Through the secretion of chemokine (C-C motif) ligand (CCL)2, activated KCs promote the CCR2-dependent recruitment of a pro-fibrotic CD11b+F4/80+Ly6Chi macrophage population. ADAM protease-mediated release of soluble IL-6 receptor (sIL-6R) and induction of IL-6 trans-signalling furthermore induces migration of KCs/myeloid cells to the site of liver damage [50]. Secretion of pro-inflammatory and pro-fibrotic mediators by infiltrated myeloid cells promotes activation of HSCs [57]. Experimental depletion of CD11b+ cells in murine models of liver fibrosis has demonstrated that monocyte recruitment is essential for liver fibrosis [58][59].
Activation of HSCs and trans-differentiation into myofibroblasts is a key event during fibrosis of the liver. It is now a well-accepted concept that HSC activation and fate can be divided into (1) initiation, (2) perpetuation, and (3) clearance. During initiation, HSCs are rendered responsive to many extracellular signals e.g., through rapid up-regulation of receptor molecules. Perpetuation refers to events that sustain and amplify HSC activation. During clearance activated HSCs are removed either through induction of HSC apoptosis or the reversal into an inactive, quiescent state [45].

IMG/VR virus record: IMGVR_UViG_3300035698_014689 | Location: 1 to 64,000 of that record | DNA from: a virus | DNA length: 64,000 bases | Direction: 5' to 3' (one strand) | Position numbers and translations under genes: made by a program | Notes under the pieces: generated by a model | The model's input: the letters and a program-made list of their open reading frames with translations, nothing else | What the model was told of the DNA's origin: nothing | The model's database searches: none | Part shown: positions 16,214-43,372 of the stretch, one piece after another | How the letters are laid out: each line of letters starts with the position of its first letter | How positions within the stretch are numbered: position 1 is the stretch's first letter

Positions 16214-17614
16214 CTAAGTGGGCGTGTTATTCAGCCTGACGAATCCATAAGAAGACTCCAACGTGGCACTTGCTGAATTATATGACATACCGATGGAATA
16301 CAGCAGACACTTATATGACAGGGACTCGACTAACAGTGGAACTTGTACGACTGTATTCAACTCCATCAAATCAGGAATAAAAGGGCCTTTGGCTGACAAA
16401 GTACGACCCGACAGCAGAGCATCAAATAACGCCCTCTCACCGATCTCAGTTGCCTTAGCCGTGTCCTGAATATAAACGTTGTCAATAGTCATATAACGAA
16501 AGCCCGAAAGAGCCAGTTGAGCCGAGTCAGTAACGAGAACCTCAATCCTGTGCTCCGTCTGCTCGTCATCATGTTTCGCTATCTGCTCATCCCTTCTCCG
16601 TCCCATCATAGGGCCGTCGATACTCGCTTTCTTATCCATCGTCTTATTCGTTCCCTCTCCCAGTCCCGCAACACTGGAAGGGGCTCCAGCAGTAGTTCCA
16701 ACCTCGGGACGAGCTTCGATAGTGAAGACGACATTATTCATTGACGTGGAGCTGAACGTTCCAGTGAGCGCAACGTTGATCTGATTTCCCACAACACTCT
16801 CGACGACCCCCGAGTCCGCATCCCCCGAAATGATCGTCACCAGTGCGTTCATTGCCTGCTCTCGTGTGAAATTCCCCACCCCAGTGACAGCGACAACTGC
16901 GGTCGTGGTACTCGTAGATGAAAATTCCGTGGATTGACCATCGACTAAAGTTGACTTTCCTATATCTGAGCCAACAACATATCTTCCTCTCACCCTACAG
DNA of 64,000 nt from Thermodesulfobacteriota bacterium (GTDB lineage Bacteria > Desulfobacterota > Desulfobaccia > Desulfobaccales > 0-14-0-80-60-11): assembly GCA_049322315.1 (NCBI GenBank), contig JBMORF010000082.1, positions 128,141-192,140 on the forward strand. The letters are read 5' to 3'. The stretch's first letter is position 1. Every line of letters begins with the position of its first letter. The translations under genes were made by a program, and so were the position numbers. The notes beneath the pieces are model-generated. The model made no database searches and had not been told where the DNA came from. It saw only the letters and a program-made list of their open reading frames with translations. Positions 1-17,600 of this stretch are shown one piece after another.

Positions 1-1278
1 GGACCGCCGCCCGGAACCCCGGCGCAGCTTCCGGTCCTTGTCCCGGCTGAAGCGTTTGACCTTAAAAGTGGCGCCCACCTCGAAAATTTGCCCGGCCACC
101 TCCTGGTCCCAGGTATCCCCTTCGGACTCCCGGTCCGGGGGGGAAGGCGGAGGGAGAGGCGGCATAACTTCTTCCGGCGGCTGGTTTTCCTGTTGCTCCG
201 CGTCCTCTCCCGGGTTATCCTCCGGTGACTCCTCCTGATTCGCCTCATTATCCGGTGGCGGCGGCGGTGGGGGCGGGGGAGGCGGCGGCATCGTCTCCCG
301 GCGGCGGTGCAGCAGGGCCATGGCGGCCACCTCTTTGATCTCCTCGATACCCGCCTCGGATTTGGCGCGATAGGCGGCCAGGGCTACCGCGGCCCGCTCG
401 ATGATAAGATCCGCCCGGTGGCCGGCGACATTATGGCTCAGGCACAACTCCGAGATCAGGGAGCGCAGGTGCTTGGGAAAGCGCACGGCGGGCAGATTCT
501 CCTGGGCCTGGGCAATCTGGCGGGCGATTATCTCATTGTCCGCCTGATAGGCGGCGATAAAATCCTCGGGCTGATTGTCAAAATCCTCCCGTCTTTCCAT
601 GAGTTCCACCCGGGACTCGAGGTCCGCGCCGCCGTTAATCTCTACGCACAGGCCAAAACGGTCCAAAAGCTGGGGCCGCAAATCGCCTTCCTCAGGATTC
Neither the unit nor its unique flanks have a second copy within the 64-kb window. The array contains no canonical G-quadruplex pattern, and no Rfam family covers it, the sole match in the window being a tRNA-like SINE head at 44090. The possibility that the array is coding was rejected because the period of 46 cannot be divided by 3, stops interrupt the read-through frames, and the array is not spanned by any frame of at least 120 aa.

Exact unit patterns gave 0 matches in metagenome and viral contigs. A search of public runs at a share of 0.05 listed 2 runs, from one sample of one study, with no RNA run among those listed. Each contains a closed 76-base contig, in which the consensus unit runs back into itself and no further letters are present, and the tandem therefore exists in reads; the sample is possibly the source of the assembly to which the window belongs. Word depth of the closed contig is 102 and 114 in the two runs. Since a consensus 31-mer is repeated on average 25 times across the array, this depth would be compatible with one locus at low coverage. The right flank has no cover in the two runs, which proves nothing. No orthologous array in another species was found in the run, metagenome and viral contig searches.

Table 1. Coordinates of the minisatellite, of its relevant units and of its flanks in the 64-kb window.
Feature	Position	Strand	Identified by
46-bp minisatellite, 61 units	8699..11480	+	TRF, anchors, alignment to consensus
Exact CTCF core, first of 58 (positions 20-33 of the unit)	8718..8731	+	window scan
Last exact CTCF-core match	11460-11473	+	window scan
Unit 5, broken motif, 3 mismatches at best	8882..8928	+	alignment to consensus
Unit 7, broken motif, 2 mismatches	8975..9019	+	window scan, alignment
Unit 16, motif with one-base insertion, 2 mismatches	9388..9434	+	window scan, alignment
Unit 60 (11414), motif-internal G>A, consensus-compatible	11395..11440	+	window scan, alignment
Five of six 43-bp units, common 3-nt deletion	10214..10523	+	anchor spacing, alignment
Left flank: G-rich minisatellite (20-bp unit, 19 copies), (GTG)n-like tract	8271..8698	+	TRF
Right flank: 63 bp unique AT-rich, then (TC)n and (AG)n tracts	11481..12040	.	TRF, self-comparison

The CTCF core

Transforming growth factor (TGF) β secreted from pro-fibrotic macrophages is the strongest inducer of HSC activation. Engulfment of epithelial cell apoptotic bodies by HSCs or DAMPs also contributes to HSC activation [60]. Rapidly after initial activation, HSCs up-regulate platelet-derived growth factor (PDGF) and its corresponding PDGF receptor β. PDGF is a strong HSC mitogen and promotes HSC proliferation [45].
Importantly, ADAM17 has recently been shonw to be involved in several severe disease states such as pulmonary emphysema (PMID: 33181031), pancreatitis (PMID: 36215509), tobacco smoke carcinogen-induced lung tumorigenesis (PMID: 31257400), KRAS-addicted lung cancer (PMID: 30833304), kidney fibrosis (PMID: 27642633), colon cancer (PMID: 29472497) and metastasis (PMID: 34919140). Therapeutic blockade of ADAM17 activity with an engineered recombinant pro-domain of ADAM17 has been successfully applied in various animal models of human diseases (PMID: 27642633, PMID: 34919140, PMID: 30833304) underlining the importance of this protease and pointing to novel therapeutic principles in these diseases.